But as pandemic restrictions are easing in many regions, and Costco stock trades near all-time highs, is it still a bet for future growth?
The unique success continues
Costco, like most large supermarket chains, typically demonstrates single-digit quarterly sales growth. That changed in 2020 when the pandemic powered higher sales as customers stocked up on essentials, and for the past four quarters, sales have increased by double-digit percentages year over year. In fact, its highest increase came in its most recent reported quarter, the fiscal third quarter ended May 9, with a 22% sales rise year over year. That happened as the economy began to reopen and people focused on nonessentials. Lest you think things may have slowed down dramatically since then, July sales increased 16%.
Costco struggled with supply issues for certain large items such as electric appliances over the past year, and it posted its incredible results with a low supply of expensive items. Some categories, such as travel and optical, were completely closed down for several months. But those trends have reversed with these categories functioning again, so even as essentials restocking slowed down, other sales ramped up.
E-commerce has decelerated as well, but it’s still increasing, up 41% in Q3 and 7% in July. The company upgraded logistics for the e-commerce program, so delivery is faster and cheaper, and profit margins have improved. Costco faced inflationary pressures in Q3. The gross margin was slightly lower year over year. The company said that inflation may impact prices going forward, but so far it’s trying to keep retail prices down. Costco’s margins, generally about 11% to 12%, are lower than those of other retail chains. But it makes up for some of that in customer loyalty, through sheer volume and membership fees.
What the future holds
Costco is, believe it or not, fairly small in terms of store count. As of July, it operates 813 warehouses, with 562 in the U.S. and the rest international. It’s nowhere near saturation, and it has plans to open new warehouses, but it goes pretty slowly in comparison with similar companies. Costco opened 21 net new stores so far in 2021 and is expecting to open 25 in each of the next two fiscal years. The company recently established a footprint in China for the first time, with plans for a second store. Costco is opening up an entirely new and huge market in the Middle Kingdom.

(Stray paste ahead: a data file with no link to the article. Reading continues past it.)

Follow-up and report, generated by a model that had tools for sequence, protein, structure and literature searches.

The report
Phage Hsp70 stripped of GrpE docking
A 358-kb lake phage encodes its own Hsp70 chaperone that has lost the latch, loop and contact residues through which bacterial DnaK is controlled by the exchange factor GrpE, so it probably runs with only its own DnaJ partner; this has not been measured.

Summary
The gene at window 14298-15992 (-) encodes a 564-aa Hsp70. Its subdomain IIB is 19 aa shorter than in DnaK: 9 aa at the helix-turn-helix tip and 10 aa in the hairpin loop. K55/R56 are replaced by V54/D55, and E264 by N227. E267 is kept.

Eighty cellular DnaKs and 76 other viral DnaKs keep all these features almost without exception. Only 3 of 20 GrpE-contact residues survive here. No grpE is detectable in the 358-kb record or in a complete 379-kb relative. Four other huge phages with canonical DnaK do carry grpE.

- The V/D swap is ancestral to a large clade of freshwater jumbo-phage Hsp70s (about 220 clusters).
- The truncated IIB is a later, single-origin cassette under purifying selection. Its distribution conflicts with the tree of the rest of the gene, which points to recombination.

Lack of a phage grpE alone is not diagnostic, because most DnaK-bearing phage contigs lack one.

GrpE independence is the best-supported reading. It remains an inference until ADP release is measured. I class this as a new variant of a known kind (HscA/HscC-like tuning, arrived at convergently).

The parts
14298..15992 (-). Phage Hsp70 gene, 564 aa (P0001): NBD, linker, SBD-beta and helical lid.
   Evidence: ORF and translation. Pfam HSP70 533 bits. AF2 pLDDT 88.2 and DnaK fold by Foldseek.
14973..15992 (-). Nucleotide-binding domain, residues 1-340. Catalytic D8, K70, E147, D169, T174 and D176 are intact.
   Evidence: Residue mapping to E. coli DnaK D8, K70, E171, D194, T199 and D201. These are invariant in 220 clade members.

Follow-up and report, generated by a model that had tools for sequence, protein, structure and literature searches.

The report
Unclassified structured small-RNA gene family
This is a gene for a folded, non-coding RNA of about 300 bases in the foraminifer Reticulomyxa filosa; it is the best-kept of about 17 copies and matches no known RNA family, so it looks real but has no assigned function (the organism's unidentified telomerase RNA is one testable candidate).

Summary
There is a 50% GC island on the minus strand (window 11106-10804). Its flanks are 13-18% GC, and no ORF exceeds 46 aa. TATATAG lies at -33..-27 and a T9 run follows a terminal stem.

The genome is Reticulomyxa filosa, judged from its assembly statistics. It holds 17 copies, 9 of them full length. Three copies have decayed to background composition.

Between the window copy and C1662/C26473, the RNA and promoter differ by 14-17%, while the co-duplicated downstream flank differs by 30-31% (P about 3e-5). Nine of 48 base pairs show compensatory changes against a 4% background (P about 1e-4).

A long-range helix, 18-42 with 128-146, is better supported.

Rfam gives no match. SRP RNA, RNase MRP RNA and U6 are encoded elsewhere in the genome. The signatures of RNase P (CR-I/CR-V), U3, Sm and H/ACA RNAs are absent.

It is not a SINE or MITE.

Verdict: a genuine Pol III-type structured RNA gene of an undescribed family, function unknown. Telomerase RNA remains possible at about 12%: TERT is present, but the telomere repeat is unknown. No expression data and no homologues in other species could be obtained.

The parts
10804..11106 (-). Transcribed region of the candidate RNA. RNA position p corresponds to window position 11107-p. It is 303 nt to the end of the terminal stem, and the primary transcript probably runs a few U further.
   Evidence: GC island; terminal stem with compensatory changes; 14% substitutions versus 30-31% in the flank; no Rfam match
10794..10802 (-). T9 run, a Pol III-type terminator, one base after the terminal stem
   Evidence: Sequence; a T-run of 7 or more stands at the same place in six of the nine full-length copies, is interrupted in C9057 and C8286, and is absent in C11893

Walmart, by contrast, has almost 5,000 stores just in the U.S., while Target has over 1,900. Costco is the 12th-largest company in the U.S. by sales, far behind Walmart but way ahead of Target, which means each store makes it a lot of money. That’s why it doesn’t need to go on a frantic opening craze, and why investors can expect Costco to pursue careful growth for a very long time.
Costco’s customers are loyal, and retention generally hovers around 90%, plus it adds millions of new customers annually.
Finally, its dividend only yields 0.66%, but Costco has raised the payout annually for the past 14 years and has paid a plush special dividend of between $5 and $10 per share every two or three years since 2013.
My conclusion is that investors shouldn’t worry about buying near all-time highs. Costco can keep delivering growth and gains for investors well into the future.
This article represents the opinion of the writer, who may disagree with the “official” recommendation position of a Motley Fool premium advisory service. We’re motley! Questioning an investing thesis — even one of our own — helps us all think critically about investing and make decisions that help us become smarter, happier, and richer.
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